Assassin’s Creed Is Heading To Japan Far Too Late

Ubisoft has never done reveals the typical way. While the company had a minor presence at Gamescom, it hasn’t gone big at any of the gaming conventions or showcases for a while. We saw that at the Summer Game Fest, when it elected to ride the coattails with an unaffiliated stream that might have been better as an email. On Saturday, Ubisoft will reveal some exciting details about the future of Assassin’s Creed, which has been made less exciting by the facts that a) we knew about this a month ago, meaning all hype has faded, and b) most of the stuff has leaked. It’s b) I’m most concerned with today, as the leaks yet again point to Assassin’s Creed not understanding its own magic.

Three Assassin’s Creed games are set to be ‘revealed’ (perhaps ‘confirmed’ fits better here) at the Forward, which feels like far too many when you consider how long these games take to make. Ubisoft is already talking about one of this trio publicly in the form of Mirage – this is set to be a smaller Assassin’s Creed game set in Baghdad that’s going back to basics. The two follow ups, however, seem to be continuing the more modern trappings of Assassin’s Creed, ballooning in size, leaden with collectibles and shallow content, taking an age to complete, if you even ever can.

Games take a long time to make, but that’s a deliberate choice on the behalf of some developers. If you want to advertise your game as being bigger than ever before, you’re also adding to your development time, a time which traditionally doubles across console generations anyway. Making two simultaneously, while also making a smaller game hardcore fans have been crying out for, doesn’t feel like there’s any real method or sense of planning to it all.

One of these longer RPG games puts a particular spotlight on that. While one of them is set during the era of the Holy Roman Empire, the other is set in Japan. Fans have been asking for this for years, and Ubisoft is finally giving it to them. There’s only one problem: Sucker Punch got there first.

There are many eras of Japanese history, and Ghost of Tsushima itself is not particularly accurate, taking place before the advent of katanas and haiku. Still, when fans have been asking for a Japanese AC, they have been asking for Tsushima. For all the arguments about the inaccuracies and fetishisation of Japanese history, Tsushima is extremely popular, not to mention glossier and more focused than Assassin’s Creed. Typically, AC has been without compare. No other major video games are set in Viking Britain, in the Renaissance, in Damascus. They’re good games, sure, but they’re also the best by default. Heading to Japan means taking on Tsushima, and I’m not sure this current version of Assassin’s Creed has what it takes.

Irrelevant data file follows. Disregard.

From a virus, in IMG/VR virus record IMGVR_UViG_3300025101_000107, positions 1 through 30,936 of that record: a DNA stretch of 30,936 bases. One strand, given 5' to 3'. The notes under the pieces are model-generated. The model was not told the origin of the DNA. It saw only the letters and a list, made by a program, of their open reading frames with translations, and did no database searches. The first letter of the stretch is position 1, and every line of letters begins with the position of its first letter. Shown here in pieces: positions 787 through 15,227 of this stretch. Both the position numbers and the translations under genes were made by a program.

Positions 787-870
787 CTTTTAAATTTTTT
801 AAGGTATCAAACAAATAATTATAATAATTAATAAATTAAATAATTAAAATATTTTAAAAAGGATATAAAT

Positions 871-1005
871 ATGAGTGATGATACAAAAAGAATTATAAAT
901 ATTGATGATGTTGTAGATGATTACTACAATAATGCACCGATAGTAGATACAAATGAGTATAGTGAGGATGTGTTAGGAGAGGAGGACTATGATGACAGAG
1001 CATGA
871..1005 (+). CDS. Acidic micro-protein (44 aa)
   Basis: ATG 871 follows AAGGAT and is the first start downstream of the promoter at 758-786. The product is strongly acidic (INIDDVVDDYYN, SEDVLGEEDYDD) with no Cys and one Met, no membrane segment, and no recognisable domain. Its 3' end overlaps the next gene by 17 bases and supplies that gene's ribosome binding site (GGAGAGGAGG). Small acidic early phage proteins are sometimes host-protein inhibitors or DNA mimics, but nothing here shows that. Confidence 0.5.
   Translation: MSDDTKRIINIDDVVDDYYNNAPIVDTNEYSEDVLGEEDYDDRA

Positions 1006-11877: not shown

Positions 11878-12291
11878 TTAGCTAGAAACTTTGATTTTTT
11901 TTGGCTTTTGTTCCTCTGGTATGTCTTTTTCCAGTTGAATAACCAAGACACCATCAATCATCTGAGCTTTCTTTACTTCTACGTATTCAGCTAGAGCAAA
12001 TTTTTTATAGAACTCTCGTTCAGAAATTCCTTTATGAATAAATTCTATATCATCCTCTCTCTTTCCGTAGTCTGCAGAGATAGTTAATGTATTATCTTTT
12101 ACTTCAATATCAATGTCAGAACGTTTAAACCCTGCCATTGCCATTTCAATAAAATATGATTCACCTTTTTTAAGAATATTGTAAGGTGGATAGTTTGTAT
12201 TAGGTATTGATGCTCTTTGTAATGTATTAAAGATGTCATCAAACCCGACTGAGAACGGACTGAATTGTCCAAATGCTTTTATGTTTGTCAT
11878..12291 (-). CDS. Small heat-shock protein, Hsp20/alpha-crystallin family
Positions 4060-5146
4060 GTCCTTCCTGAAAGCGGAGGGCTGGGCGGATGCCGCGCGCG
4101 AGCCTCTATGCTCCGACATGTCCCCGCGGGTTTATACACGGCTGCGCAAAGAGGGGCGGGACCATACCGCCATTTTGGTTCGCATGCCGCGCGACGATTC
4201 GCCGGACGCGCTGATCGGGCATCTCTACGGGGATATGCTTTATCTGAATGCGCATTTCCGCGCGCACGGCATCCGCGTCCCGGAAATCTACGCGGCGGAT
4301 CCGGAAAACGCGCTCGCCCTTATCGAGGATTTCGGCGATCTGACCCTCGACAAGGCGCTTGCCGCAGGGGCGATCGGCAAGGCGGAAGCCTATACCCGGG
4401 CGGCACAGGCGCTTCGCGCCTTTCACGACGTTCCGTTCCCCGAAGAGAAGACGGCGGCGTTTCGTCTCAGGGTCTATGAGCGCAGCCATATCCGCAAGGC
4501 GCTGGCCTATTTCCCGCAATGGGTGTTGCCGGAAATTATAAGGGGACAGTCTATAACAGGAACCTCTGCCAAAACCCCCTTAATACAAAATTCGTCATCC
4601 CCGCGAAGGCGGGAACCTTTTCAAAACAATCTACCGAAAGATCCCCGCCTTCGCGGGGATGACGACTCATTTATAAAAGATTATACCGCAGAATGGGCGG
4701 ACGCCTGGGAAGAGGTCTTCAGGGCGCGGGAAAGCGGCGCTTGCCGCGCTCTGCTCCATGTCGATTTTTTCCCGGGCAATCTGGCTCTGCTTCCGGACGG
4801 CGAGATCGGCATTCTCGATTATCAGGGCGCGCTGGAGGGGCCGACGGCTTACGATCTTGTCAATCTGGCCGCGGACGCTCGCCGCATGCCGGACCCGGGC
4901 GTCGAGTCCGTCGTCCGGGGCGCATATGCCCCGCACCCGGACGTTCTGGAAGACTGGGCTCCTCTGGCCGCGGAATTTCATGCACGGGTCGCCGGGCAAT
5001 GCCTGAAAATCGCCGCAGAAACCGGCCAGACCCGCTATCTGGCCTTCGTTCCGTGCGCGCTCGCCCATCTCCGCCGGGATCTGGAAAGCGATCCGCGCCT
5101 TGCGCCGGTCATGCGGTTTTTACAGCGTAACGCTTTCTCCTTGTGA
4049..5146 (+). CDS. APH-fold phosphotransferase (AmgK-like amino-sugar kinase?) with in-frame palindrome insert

I’m less enamoured with Tsushima than some fans were, and were it not positioned against The Last of Us Part 2 in a strange culture war, I’m not sure it ever would have been voted Fan Choice at The Game Awards. Still, it’s popular, competent, and quite good. While I love the earlier Assassin’s Creed games, it feels like the series has drifted.

Attempts to write strong characters have been hamstrung by a boardroom insistence on demographic appeal, seeing female characters pushed to the sidelines again and again. The ‘just ten more minutes’ appeal the games used to have has turned sour and manipulative. It used to be that we played more because we wanted to. Now we play because we’ll never finish otherwise.

Assassin’s Creed has missed its window. There was always a sense that Japan was a mite too obvious, but now that Tsushima has made a go of it, Assassin’s Creed finds itself chasing the pack. It’s a strange tactic, oddly fitting for the direction Ubisoft has taken the series in. It likely won’t be all that good, but is a cheap popularity win, and that’s all that matters. Having resisted the easy route for so long, Ubisoft has waited until the path has become treacherous to make its attempt. It’s monumentally poor planning.

We have no idea if the game will be any good, or even what it will look like in a post-Infinity, post-Mirage world. But Assassin’s Creed has stumbled of late, losing its way and losing track of what made it great. It keeps pushing forward with no real reason why, and now it’s chasing another game’s high. For a series all about history, it’s oddly afraid of its own past.

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